Monday, March 20, 2017

Dark Eldar (or is that Ynnari) for the Doubles - Part 2

You'd be forgiven for thinking that I've not actually made any progress on these guys. Well, it doesn't really feel like I'm much further along. It's frustrating me how long these are taking which is counter-productive because I'm then struggling to motivate myself to make progress. I'm only putting in an hour or so each evening at the moment and clearly that isn't going to be enough to get that to-do list down to size.

Don't get me wrong. I'm pleased with the work I've done so far on these things. Well, to a point anyway, I still find painting difficult because I'm just not very good at it. I just don't seem to get the same results as other people do and they're doing it in half of the time. I'm not saying I should just be able to pick up a brush and win a Golden Demon but I don't even feel like I get the paint the right consistency or something. It's funny that I'm back to painting an army for a tournament again when I specifically said I was just going to paint whatever I fancied!

Anyway, I think the Reavers look good enough so let's have a quick look at what I actually have done:

After a discussion with friends I decided to repaint the seats in grey (Mechanicum Standard to be precise). Jamie made a good point that they look like leather but stand out too much, detracting from the rest of the model. Anyway, I decided to paint the armour on the riders in purple to match the carapace sections. Their suits underneath are still black though so I think that works well. I've also picked out the skin on those with bare arms and I'm reasonably happy with the result. There were two of the seven that hadn't got the controls painted in on the bikes too so they're now done. I've also painted all the little dots on the cluster caltrops not that anyone will ever notice!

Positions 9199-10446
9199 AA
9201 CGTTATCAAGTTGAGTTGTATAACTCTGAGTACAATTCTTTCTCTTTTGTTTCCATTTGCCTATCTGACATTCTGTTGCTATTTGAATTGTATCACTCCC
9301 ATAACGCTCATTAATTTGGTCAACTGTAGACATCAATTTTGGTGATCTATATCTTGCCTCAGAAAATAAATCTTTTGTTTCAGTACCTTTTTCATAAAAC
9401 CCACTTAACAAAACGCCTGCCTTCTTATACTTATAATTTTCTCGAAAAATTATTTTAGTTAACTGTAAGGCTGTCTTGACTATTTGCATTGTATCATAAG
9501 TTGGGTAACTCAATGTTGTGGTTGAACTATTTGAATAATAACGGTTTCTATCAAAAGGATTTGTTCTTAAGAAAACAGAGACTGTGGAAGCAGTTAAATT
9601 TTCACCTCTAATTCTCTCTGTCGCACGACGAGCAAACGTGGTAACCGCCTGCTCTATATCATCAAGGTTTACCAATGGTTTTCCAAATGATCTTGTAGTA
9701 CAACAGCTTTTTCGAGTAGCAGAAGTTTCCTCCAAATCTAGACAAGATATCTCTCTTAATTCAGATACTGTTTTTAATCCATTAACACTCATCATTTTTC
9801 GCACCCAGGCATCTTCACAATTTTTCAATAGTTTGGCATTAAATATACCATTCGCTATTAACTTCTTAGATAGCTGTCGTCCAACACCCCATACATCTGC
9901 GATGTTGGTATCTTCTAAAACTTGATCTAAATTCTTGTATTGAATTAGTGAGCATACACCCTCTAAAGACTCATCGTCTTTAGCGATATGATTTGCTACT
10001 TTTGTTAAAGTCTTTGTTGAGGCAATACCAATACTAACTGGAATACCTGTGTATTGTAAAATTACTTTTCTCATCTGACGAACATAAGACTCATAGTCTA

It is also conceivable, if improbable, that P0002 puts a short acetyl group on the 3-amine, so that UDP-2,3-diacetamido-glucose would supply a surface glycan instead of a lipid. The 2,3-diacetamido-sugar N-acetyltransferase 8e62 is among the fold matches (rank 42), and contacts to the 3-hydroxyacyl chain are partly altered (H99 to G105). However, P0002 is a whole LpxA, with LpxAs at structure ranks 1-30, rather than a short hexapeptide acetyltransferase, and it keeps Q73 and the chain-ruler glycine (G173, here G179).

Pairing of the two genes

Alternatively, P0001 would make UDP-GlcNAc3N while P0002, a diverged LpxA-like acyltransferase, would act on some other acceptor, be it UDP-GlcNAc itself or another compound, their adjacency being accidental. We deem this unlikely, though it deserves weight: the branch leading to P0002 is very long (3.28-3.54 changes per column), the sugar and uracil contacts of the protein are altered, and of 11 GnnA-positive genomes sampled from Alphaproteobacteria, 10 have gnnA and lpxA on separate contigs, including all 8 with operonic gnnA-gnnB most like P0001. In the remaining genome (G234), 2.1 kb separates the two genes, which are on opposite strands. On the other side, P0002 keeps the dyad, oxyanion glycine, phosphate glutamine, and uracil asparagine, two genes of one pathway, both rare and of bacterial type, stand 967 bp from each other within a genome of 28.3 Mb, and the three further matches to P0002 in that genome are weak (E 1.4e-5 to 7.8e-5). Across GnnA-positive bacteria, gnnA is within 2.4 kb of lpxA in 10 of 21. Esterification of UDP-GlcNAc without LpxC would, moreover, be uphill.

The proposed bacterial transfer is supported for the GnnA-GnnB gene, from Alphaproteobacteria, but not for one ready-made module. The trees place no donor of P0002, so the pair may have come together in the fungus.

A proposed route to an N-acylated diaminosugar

Last but not least, the eagle-eyed amongst you might've noticed I've changed the faceplates to black in the end. I'm waiting for some paints to come into my FLGS but once they do the helmets will be gold I think which will help to tie them into the Scourges who have gold faceplates. I'll try and mute it down a bit with washes so it isn't bright shiny gold but I think it'll just add a little something. I'd considered purple or silver/steel for the helmets but I want to see how gold works out. Once that's done the facemasks will get a couple of coats of 'ardcoat to give a high shine. I'd like to maybe drybrush a bit of the cyan up the middle of their facemasks to give the impression that the blue is reflecting in them. Probably won't work out like I see it in my head though.

Whilst I wait for my order of paints to come in, I'll probably move onto the Venoms. I'm sure progress will be quicker with them since well, vehicles always go quicker. There's a couple of decisions to make there too though. For example, do I keep the flag/trophy poles or remove them. I've seen both and can't make my mind up. Removing them means less painting at least!!